Researchers in MD, VA investigate virus that's taking a bite out of lucrative 'peeler' catch before crabs can shed their shells
Patient 133 is part of Schott’s decade-long quest to learn more about a virus that is killing “peelers,” the term for crabs that are about to shed their hard, outer shell and become some lucky diner’s delicious soft-shell crab meal. Though they comprise only about 5 percent of the Chesapeake Bay’s blue crab harvest, which had a dockside value of more than $100 million last year, soft crabs are extremely lucrative. When sold, they fetch three to six times more per crab than hard crabs, and they are gaining in popularity nationwide as a delicacy.
About a decade ago, Schott, who works at the University of Maryland Center for Environmental Science, discovered that a virus was causing peelers to die in the tanks where they’re kept for days until they shed and are ready for market. Called CsRV1, it’s a reovirus that most likely passed through the gills or gut into the bloodstream and infected the immune cells. The virus is not communicable to humans.
Now, Schott and other researchers in Maryland, Virginia and Louisiana are trying to determine if they can predict which crabs are susceptible to the virus, and if there is a genetic component. The team is also trying to assess how long afflicted crabs take to die, and how the virus spreads from one crab to another. If they can figure out answers, they hope to save watermen the frustration and expense of losing valuable animals.
“Crabs have a very different immune system from us. They have antibodies, but no [immunological] memory,” Schott said. “That is why, when they are infected, it just kills them.”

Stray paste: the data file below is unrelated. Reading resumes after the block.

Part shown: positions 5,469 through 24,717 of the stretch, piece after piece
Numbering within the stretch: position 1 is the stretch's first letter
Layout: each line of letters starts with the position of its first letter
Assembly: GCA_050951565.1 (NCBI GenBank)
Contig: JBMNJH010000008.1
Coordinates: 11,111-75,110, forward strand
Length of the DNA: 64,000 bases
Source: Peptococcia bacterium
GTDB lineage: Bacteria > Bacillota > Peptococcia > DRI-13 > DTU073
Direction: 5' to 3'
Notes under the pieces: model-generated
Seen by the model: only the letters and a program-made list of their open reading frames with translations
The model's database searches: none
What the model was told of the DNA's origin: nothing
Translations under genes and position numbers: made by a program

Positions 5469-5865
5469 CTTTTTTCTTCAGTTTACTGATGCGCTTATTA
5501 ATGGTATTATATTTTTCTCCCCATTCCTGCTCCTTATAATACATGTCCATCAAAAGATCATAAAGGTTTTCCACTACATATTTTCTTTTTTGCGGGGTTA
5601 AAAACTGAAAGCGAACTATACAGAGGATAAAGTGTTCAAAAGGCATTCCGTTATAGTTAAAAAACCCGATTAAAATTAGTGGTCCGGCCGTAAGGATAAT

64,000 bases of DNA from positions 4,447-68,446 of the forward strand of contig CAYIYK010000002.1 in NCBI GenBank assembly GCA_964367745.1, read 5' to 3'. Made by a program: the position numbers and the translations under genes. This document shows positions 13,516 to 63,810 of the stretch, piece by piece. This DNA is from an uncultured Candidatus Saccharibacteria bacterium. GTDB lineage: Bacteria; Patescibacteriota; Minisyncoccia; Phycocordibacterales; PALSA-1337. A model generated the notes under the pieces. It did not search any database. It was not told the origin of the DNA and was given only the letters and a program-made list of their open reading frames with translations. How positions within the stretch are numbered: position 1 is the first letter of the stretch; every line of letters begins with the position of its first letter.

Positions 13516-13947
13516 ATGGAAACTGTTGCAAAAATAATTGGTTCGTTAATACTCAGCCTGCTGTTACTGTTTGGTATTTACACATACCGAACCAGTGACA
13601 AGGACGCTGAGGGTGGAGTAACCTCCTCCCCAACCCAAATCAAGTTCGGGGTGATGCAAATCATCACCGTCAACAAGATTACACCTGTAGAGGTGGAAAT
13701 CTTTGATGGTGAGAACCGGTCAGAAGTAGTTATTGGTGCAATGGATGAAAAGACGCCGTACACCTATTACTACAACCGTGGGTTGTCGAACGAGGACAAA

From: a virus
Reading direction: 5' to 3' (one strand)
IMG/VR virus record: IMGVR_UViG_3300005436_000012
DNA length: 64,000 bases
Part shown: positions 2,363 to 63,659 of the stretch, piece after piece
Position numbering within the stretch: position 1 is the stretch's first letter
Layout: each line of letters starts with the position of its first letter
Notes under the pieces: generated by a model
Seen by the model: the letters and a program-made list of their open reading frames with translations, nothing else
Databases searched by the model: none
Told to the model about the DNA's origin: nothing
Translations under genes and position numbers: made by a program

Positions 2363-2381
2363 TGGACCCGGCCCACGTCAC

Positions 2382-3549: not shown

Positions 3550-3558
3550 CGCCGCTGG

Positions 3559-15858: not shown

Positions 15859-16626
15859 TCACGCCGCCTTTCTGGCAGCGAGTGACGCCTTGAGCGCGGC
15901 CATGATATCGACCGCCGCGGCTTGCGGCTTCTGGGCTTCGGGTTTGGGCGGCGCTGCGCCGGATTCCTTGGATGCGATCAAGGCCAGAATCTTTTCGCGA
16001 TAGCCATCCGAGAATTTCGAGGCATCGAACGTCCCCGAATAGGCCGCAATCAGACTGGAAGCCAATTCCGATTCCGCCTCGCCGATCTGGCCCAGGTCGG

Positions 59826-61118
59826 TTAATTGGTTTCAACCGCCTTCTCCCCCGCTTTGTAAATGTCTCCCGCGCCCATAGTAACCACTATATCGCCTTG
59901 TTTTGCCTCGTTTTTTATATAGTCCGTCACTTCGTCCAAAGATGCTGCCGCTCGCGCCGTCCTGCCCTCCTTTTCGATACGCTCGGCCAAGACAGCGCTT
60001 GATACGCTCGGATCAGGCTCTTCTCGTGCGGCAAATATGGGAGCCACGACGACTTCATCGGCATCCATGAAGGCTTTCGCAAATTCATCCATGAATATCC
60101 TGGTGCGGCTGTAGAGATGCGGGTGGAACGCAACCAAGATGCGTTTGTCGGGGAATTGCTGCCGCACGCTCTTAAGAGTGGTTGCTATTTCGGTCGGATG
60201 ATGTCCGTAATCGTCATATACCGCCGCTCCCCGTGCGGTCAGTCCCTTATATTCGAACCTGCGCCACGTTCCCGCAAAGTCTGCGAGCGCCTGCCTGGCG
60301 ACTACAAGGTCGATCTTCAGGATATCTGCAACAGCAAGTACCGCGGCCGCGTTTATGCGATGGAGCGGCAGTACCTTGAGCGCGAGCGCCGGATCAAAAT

The researchers so far have learned that the virus is present in 80 percent of crabs that die in shedding operations in Virginia. The rate is similar in Maryland, but lower in Louisiana, even though it’s the same blue crab species. Some suspect that temperature stresses the crabs, though Schott said 20-degree swings in the Chesapeake Bay from water to tank have not affected mortality. Other possible factors: crowding in shedding tanks, or too much nitrogen in the water or not enough oxygen.
. . .
Shields has his own theory about what’s killing peelers. While crabs can survive wide temperature swings, bacteria increase when the mercury rises. He said he believes that this could be a major factor in their demise. The bacteria and viruses work in concert, but the bacteria might get them before the virus does. There are a lot of things that can kill a crab, he said.
In Virginia, the number of peeler operations has decreased from 318 in 2011 to 281 last year, according to the state’s marine resources commission. Maryland doesn’t keep similar data, but anecdotal information suggests that several soft-crab operations have gone out of business in recent years.Decent bait, though. I knew a lot of peelers died in the process of shedding, but I had no idea there was a virus involved.
It’s unclear why soft-crab operations would be declining, especially with growing consumer demand. But it’s a labor-intensive business, requiring round-the-clock tending of shedding tanks to remove crabs from the water as soon as they shed. If the operator doesn’t, the crabs form new carapaces, becoming what watermen call a “paper shell” that’s almost worthless.
Unfortunately, the virus is unlikely to be amenable to widespread treatment. A way to minimize losses in shedding operations may be found, but would be hard to institute for the population at large.